Women of Influence

2013 WOMAN OF INFLUENCE: Jennifer Burk

October 31, 2013
Lou Harry
Jennifer Burk gave up a job as a top executive with Duke Realty Corp. to head up Junior Achievement of Central Indiana.
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2013 WOMAN OF INFLUENCE: Carol Curran

October 31, 2013
Lou Harry
Like the mythological bird that rose from the ashes, Carol Curran's 2001 startup, Phoenix Data Corp., rose from what would have led a weaker-kneed entrepreneur to give up.
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2013 WOMAN OF INFLUENCE: Barb Cutillo

October 31, 2013
Lou Harry
Stonegate Mortgage Corp., which Barb Cutillo co-founded with her husband, has become one of the fastest-growing privately owned companies in the United States for three years straight (according to Inc. magazine) and topped IBJ’s list of fast-growing private firms in Indiana.
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2013 WOMAN OF INFLUENCE: Francina Dlouhy

October 31, 2013
Lou Harry
As the first woman appointed to the management committee of what was then Baker & Daniels—and as one of the firm’s first two women to become a partner—Francina Dlouhy sees helping others as a key part of her job.
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2013 WOMAN OF INFLUENCE: Sue Ellspermann

October 31, 2013
Lou Harry
Sue Ellspermann uses her training as a facilitator often in her role as Indiana's lieutenant governor.
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2013 WOMAN OF INFLUENCE: Melissa Greenwell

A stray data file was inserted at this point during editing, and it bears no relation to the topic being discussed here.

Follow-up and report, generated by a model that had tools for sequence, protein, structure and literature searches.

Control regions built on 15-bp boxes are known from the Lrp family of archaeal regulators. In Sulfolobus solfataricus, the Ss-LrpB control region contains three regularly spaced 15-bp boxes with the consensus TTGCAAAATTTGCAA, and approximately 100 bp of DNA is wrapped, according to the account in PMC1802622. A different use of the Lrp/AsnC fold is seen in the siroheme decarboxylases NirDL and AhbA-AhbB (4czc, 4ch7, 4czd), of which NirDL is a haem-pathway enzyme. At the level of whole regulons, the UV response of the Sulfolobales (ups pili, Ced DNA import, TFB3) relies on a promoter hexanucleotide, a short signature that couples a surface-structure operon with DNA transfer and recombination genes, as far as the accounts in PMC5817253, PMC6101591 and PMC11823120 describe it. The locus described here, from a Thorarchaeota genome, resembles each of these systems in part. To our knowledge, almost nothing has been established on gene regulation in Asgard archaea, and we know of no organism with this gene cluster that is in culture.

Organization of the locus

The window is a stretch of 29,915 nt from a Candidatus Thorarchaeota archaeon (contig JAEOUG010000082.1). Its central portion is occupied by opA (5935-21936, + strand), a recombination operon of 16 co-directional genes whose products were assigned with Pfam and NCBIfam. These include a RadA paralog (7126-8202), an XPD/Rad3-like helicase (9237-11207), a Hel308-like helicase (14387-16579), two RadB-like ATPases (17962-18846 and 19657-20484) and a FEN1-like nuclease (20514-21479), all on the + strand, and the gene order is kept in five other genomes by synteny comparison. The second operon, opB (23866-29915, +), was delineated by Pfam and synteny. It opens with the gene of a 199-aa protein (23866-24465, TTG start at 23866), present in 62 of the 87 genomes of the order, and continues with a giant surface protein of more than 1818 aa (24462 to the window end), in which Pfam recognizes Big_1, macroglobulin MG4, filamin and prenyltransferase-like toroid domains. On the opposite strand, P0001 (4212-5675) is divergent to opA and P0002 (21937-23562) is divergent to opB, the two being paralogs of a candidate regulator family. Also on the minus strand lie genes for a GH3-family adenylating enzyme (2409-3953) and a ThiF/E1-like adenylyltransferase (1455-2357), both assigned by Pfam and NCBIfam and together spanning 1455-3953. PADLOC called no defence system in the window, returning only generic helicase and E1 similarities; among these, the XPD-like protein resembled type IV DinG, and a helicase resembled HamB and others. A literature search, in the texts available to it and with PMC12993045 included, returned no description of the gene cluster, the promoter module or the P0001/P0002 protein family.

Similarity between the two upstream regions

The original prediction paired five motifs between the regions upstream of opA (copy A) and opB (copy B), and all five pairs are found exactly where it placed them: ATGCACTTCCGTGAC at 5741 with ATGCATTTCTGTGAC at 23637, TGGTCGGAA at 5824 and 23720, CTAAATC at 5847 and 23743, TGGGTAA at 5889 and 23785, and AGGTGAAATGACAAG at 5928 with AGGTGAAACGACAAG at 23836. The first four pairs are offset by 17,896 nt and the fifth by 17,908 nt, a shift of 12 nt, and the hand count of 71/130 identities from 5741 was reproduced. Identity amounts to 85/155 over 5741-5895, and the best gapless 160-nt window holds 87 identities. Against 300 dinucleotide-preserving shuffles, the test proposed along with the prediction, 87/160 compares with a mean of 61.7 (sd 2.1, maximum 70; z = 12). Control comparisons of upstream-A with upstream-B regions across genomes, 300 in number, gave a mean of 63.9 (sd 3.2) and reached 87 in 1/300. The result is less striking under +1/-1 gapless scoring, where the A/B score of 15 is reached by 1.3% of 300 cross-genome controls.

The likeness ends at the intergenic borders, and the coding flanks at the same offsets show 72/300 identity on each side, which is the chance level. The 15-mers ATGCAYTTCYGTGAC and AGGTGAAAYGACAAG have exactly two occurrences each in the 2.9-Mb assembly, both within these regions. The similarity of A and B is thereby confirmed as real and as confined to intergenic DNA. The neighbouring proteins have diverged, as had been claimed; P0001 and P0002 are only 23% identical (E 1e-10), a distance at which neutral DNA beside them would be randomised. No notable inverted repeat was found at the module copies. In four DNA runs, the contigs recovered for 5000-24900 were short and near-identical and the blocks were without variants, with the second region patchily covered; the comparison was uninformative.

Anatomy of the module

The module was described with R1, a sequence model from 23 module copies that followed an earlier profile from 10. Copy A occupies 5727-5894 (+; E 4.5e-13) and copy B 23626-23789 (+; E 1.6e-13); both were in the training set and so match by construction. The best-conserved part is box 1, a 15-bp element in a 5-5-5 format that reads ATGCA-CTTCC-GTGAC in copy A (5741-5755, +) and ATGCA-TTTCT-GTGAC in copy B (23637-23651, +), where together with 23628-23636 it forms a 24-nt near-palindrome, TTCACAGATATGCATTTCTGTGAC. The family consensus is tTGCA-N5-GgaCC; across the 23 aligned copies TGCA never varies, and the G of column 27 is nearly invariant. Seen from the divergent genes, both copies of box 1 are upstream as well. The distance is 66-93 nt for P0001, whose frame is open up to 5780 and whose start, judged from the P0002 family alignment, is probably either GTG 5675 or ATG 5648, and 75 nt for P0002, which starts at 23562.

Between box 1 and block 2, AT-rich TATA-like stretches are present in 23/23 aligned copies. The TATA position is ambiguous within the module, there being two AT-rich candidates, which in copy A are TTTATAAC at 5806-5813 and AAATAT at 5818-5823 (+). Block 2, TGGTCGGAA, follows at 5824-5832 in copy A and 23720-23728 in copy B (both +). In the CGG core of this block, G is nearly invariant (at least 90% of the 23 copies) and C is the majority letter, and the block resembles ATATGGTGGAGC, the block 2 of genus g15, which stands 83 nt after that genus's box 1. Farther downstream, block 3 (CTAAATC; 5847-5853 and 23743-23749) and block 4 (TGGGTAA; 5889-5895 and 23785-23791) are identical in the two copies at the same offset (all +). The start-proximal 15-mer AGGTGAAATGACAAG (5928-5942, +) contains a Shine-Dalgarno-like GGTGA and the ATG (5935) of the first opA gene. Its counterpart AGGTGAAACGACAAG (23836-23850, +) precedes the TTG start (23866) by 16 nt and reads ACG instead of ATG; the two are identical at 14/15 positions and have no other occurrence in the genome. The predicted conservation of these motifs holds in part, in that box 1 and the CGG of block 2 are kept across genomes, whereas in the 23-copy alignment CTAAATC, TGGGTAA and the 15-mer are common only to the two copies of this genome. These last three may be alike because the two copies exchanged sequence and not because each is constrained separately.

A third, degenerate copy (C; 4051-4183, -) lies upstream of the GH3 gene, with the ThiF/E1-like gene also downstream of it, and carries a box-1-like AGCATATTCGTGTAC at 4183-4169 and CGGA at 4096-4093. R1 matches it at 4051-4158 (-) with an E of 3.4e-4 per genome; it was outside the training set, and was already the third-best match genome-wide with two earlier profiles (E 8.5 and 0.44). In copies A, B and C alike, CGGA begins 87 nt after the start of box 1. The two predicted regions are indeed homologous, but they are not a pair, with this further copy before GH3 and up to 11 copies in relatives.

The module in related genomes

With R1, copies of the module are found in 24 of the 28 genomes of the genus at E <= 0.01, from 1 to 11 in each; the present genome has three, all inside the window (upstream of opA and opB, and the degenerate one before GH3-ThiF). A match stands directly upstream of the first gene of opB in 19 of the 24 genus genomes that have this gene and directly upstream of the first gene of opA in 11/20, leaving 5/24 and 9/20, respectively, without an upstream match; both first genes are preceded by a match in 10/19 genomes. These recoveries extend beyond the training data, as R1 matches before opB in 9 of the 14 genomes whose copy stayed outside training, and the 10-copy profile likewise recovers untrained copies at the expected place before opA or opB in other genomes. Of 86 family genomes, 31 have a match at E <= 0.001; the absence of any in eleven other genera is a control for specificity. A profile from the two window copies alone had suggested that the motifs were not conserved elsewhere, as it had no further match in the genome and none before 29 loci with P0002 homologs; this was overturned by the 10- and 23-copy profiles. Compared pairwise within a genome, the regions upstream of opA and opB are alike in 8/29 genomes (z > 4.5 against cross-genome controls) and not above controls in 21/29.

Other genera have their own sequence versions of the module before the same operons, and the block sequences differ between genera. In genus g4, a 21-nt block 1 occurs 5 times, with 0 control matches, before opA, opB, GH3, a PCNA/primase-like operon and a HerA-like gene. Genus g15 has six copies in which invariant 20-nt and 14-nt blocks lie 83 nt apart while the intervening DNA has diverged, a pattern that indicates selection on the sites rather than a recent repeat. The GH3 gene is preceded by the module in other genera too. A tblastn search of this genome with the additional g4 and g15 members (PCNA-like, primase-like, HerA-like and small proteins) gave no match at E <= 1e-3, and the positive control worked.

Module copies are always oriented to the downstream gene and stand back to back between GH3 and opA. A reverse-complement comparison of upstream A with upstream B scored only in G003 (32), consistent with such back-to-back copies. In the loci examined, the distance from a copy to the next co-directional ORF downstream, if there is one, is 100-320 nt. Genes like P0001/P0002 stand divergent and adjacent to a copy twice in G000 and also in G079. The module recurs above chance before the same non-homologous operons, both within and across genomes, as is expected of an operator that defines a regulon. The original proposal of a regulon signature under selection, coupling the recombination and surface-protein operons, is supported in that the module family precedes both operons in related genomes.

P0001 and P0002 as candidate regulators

October 31, 2013
Lou Harry
Melissa Greenwell likes to change people's perceptions of human resources--from policy and handbooks and administration to helping employees be more productive.
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2013 WOMAN OF INFLUENCE: Thea Kelly

October 31, 2013
Lou Harry
In the legal profession—the least diverse of all white-collar professions—Thea Kelly has proven a strong advocate for inclusion.
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2013 WOMAN OF INFLUENCE: Connie Lawson

October 31, 2013
Lou Harry
Indiana's Secretary of State, Connie Lawson, has made financial literacy a big priority.
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2013 WOMAN OF INFLUENCE: Tania Castroverde Moskalenko

October 31, 2013
Lou Harry
Arts have always been part of life for Tania Castroverde Moskalenko, president and CEO at the Center for the Performing Arts.
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2013 WOMAN OF INFLUENCE: Brenda Myers

October 31, 2013
Lou Harry